"Even if we were fully staffed with doctors, if we're short of nurses, short of cleaners, then the hospital doesn't run. 

"It's like an F1 team. You've got a driver and a pit crew and we can't do stuff if the pit crew – our equivalent of the pit crew - aren’t there. I think people need to recognise that it's a massive team that provides health care. There's a lot of people in the background to get theatre equipment clean, to make sure that people get to where they need to be if they're inpatient.

“It's a massive team, and we need every team member there to make health care efficient.”

If every role at the MSG or in wider health care services was full there would still be the issue of where all those key workers would live and that is something the MSG has been working with the Guernsey Housing Association to resolve by agreeing terms for the latter to buy land owned by the former. 


Pictured: The Brave Lodge site. 

“We bought the Braye Lodge site and we weren't sure what we were going to do with the site. We needed the parking. So, in essence, it was bought to secure the parking, and we looked into whether we could develop a medical facility on site, but because of planning restrictions, that wasn't going to happen.

"There was little point in hanging on to it and the GHA were interested. And it’s an ideal location for key worker housing. If you're talking about hospital staff, it's close enough to walk, but far enough that you're off site. I’ve lived on site in the past and it makes a massive difference to be able to walk away from the site at the end of the day. So I think it's ideal, to be able to walk away from the hospital at the end of the day just psychologically, and it's going to be a 10-minute walk max so that could be an added bonus, just the location of it.”

We’ll be waiting a few years before we see that land redeveloped into modern housing units with planning permission needed before any work can start.

The island’s largest building firm is tied up in contracts with the hospital site but that is all under a question mark with the States having to watch expenditure more closely than ever. 

“I think Phase 2 is essential for providing health care for the island,” said Dr Evans simply. 


Pictured: Phase 1 of the hospital development is still underway.

"There's been a lot of time and effort into discussing how we're going to provide acute health care services over the next 20 or 25 years and we're at capacity. One of the limits is the intensive care space, and in Phase 2 there's going to be more theatres, a bigger intensive care space, and I think that's going to be important for our throughput.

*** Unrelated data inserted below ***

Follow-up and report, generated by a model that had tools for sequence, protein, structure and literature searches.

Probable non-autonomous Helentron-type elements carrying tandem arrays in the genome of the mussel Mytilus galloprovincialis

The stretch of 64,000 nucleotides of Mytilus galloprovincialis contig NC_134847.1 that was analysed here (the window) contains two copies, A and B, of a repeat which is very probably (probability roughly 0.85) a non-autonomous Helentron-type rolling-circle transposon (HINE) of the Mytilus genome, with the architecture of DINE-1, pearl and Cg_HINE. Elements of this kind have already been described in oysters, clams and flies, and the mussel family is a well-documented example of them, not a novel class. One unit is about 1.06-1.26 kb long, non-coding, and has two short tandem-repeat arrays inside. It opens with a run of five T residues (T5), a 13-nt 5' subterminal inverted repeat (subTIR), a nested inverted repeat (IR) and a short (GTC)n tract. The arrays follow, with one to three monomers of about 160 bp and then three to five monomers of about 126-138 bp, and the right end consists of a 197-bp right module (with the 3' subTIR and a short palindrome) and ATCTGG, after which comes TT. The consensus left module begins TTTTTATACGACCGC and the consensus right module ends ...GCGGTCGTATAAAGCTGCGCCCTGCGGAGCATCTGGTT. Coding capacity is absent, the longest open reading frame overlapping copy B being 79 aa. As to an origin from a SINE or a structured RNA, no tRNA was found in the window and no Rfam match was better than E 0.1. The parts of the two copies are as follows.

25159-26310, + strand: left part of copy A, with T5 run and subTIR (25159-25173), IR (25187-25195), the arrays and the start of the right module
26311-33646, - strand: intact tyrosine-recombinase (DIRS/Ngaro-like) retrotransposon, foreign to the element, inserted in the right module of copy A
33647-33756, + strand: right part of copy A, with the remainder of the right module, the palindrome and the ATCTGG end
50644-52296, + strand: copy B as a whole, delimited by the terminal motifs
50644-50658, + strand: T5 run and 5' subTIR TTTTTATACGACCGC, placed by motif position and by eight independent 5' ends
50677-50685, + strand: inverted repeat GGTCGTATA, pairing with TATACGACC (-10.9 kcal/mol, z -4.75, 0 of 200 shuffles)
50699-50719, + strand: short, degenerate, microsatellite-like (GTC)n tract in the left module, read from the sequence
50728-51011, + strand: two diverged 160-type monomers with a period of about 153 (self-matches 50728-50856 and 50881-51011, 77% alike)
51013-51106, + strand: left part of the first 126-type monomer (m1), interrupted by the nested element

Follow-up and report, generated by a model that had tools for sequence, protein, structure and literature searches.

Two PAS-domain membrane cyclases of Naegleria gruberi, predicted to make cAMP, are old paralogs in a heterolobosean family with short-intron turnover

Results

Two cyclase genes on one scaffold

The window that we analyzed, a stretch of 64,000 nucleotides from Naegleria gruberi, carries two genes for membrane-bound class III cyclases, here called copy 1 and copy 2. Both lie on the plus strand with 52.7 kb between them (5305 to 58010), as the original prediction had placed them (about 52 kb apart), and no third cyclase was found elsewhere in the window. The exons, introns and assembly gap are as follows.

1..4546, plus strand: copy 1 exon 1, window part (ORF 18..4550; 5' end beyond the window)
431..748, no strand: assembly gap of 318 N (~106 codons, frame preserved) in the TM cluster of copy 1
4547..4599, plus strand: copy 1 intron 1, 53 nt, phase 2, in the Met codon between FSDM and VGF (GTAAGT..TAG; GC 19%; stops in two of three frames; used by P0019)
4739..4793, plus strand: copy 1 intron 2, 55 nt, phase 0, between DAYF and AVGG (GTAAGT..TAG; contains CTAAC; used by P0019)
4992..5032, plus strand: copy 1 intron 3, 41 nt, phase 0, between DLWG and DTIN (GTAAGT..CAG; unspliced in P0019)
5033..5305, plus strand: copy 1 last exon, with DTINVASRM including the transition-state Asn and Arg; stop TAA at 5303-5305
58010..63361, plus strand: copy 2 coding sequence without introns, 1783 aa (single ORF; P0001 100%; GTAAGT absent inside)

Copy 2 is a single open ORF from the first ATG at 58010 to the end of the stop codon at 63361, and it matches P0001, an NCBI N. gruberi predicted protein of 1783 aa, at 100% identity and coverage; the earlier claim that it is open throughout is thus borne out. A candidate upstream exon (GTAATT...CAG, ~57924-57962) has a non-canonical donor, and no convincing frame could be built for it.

"We've recruited doctors recently who have said that the fact that the hospital was being developed was one of the reasons why they came. I think it's not just working in an environment that's new, and it's always nice to have a new environment, but I think it shows that there's a commitment to future health care.

“I think if you're doubting whether the government is committed to providing an appropriate environment for care, then you have to wonder what their other commitments to health care are going to be like. So I think it's It has a massive impact on morale across the board, not just for doctors, but for nurses, and anything we can do to improve recruitment.”

Looking at the big picture across recruitment, Dr Evans said the way that is planned has changed enormously over the course of his career. 

"When I was looking for my first consultants job, you looked in the British Medical journal and that was about it. But now it's much more active. We're actively looking people out, and there's more done on social media, whether it be LinkedIn or through our Facebook site or whatever.


Pictured: Dr Ruth Copeland recently moved back to Guernsey to take on a role at the MSG.

"So medicine, despite the fact that it's a conservative profession with a small c, is actually moving somewhat into the 21st century. And I think we get graduates coming through that are digital natives. But things are going to change again, and we just need to try and keep abreast of those changes

"You've got five or six years in med school. You've got potentially 8, 9 or 10 years of postgraduate training because we don't have junior doctors here, it's a consultant provided service. So, bringing doctors back is different. 

“Although we are slowly building up a cohort of locals, I think three or four of our last appointments have been locals that have come back to the island.

“Our new consultant, Ruth Copeland saw me at a conference six or seven years ago and said, ‘have you got any jobs?’ and I said ‘we will have’.

“That’s exciting for us. And we're in the process of setting up links between students and junior doctors that have got links to Guernsey. We're trying to build those links to try and improve recruitment, but a lot of it is word of mouth.” 


Dr Evans returns as MSG Chair

States buy Braye Lodge site from MSG for healthcare housing

"It makes a massive difference to be able to walk away from the site at the end of the day"